Winter just held its breath until it turned blue. I did not even get a spade into the ground until late in May, and what we have is a bare bones garden of a few tomato plants, pumpkins, fennel, cucumbers, and collards. So here we are almost to July and I nearly blushed with embarrassment when some friends posted their first harvest of berries, radishes and summer squash. What I DO have though, in abundance in fact, is weeds.
Luckily, I am not a fussy eater, and even luckier, I have learned to identify, utilize and appreciate some very tasty and incredibly nutritious edible wild plants. Nature, it turns out, provides for my sustenance better than I and my feeble gardening skills.
The knowledge comes from a variety of sources over a fifty year period. I think the first I remember is when I was maybe six years old and living the mountains of Eastern Kentucky. I remember a woman’s voice, my mother I suppose, although I cannot see her, telling me that the hoary velvet-leaved plant could be steeped into mullein tea. I do remember Mom, paper sack in hand, picking dandelion and plantain leaves in the yard. We didn’t have a lot of money, but I am certain she was not picking them because we didn’t have money for “real” food. It was just what one did. Another vivid memory around that time was being in the woods and biting into the shiny leaves of a low-growing plant known only as ” mountain tea”. I still remember that flavor vaguely reminiscent of wintergreen and sassafras.
Summers at my Grammy’s meant lots of good cooked greens, which were most always a mixture of wild and garden greens – collards, beet greens, mustard, kale, chard and poke, cooked to perfection with a bit of ham and seasonings? Later, when my family moved north to upstate New York, my father, who fancied himself an amateur archaeologist, would take us out into the woods hiking, looking for old farm and native people sites for his digs. I could not have cared less then about old bottles, button hooks, broken pottery and arrowheads, but I looked forward to the real treasures he showed us near rotting logs and tree stumps. Leeks or ramps, fiddlehead ferns and puffball. But it was one of the neighbor kids who told me you could snack on the “sour grass” growing around the foundation of our house in town.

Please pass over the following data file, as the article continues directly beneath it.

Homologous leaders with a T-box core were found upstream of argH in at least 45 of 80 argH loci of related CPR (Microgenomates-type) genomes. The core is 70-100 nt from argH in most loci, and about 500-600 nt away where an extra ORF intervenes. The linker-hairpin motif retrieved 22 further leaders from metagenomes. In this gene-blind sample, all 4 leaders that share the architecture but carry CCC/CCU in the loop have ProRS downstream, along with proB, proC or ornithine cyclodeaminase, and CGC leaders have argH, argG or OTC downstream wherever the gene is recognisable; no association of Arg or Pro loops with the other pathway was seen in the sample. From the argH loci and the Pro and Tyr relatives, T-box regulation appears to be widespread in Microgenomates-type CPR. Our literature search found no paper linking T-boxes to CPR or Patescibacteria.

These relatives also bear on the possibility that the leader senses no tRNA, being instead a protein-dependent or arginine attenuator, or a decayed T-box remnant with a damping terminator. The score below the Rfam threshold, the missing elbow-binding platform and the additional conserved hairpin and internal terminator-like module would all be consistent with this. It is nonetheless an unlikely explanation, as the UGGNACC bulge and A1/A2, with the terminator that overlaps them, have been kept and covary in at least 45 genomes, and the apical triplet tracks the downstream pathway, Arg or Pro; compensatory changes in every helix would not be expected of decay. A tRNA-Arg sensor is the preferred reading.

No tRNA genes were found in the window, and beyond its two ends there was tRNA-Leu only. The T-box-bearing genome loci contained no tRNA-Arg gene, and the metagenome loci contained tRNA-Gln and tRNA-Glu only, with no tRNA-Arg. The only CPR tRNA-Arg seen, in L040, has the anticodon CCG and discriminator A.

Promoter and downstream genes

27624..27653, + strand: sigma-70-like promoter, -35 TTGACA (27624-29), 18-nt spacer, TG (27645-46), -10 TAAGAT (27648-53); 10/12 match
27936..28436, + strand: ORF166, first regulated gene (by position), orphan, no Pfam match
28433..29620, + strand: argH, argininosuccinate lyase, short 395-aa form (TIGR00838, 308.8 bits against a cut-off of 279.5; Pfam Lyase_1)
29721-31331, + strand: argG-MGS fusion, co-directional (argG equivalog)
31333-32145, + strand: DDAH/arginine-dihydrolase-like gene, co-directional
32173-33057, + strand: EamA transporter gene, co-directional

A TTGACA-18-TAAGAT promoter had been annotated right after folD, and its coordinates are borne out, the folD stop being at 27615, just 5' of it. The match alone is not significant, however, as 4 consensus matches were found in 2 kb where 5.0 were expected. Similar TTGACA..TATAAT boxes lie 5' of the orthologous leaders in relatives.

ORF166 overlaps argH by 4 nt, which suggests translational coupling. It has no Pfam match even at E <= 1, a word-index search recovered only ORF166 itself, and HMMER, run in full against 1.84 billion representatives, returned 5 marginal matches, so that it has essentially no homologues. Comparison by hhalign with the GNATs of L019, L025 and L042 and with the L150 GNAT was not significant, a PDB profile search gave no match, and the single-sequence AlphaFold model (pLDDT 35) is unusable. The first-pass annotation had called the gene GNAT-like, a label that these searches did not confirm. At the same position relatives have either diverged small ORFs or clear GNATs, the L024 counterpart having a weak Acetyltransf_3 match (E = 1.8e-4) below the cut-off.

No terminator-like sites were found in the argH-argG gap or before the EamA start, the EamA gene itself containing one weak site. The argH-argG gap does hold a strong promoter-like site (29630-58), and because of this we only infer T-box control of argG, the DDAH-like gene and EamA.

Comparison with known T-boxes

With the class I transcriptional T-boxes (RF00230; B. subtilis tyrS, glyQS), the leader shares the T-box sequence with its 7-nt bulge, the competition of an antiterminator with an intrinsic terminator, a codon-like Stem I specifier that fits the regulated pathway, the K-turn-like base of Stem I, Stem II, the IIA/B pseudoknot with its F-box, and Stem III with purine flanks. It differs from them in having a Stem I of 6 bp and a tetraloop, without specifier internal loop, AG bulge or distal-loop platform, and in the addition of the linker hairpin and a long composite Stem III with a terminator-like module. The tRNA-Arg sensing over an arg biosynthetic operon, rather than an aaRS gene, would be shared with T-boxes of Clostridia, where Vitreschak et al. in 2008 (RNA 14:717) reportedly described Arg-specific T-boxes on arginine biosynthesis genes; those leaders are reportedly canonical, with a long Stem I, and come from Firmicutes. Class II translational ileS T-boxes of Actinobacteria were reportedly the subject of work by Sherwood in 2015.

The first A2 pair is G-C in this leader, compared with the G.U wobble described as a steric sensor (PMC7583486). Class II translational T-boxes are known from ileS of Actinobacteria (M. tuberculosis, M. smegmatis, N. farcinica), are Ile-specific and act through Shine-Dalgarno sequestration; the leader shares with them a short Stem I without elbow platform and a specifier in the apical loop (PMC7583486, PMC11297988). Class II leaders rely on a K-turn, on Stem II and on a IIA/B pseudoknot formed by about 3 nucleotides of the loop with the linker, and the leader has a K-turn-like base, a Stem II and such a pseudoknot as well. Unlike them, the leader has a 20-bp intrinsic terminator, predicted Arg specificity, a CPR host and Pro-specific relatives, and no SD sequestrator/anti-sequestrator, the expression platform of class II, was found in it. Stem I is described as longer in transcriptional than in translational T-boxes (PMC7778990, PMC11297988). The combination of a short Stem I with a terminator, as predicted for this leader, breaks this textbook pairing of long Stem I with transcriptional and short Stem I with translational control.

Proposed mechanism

Once as a young wife at our home on a few acres stretched from a wooded hillside down to a creek, I asked my sister who was visiting one spring with her new husband ( a city boy), if she would like to go get some greens for a salad. As we grabbed a bag and headed for the door, he asked her didn’t she want the car keys? Silly boy.
Even with all that, it was not until a trip one of our favorite places, the Genesee Country Village & Museum that we were introduced to purslane. In reading about the incredible nutritive value of this ubiquitous member of the portulaca family, that I began to fully realize the value of this acquired knowledge. Most people cannot get past the fear that they will accidentally eat something poisonous, thanks to every adult admonishing us to never eat anything from “outside”. What a shame. The internet now makes it possible to have an illustrated field guide in our pocket that our parents could not have imagined. I am so grateful that eating wild plants was a natural part of my experience growing up. I truly believe it contributed to my present health as well as my adventurous palate. I look forward to passing along the gift on many walks with my grandchildren for many years to come.
Pictured is tonight’s “weeding” salad of purslane, dill that has reseeded itself all over the place, cilantro, chives, and wood sorrel ( sour grass) tossed with 1 tablespoon lemon juice, salt, pepper, a few drops of light olive oil and a 1/2 tsp. stevia.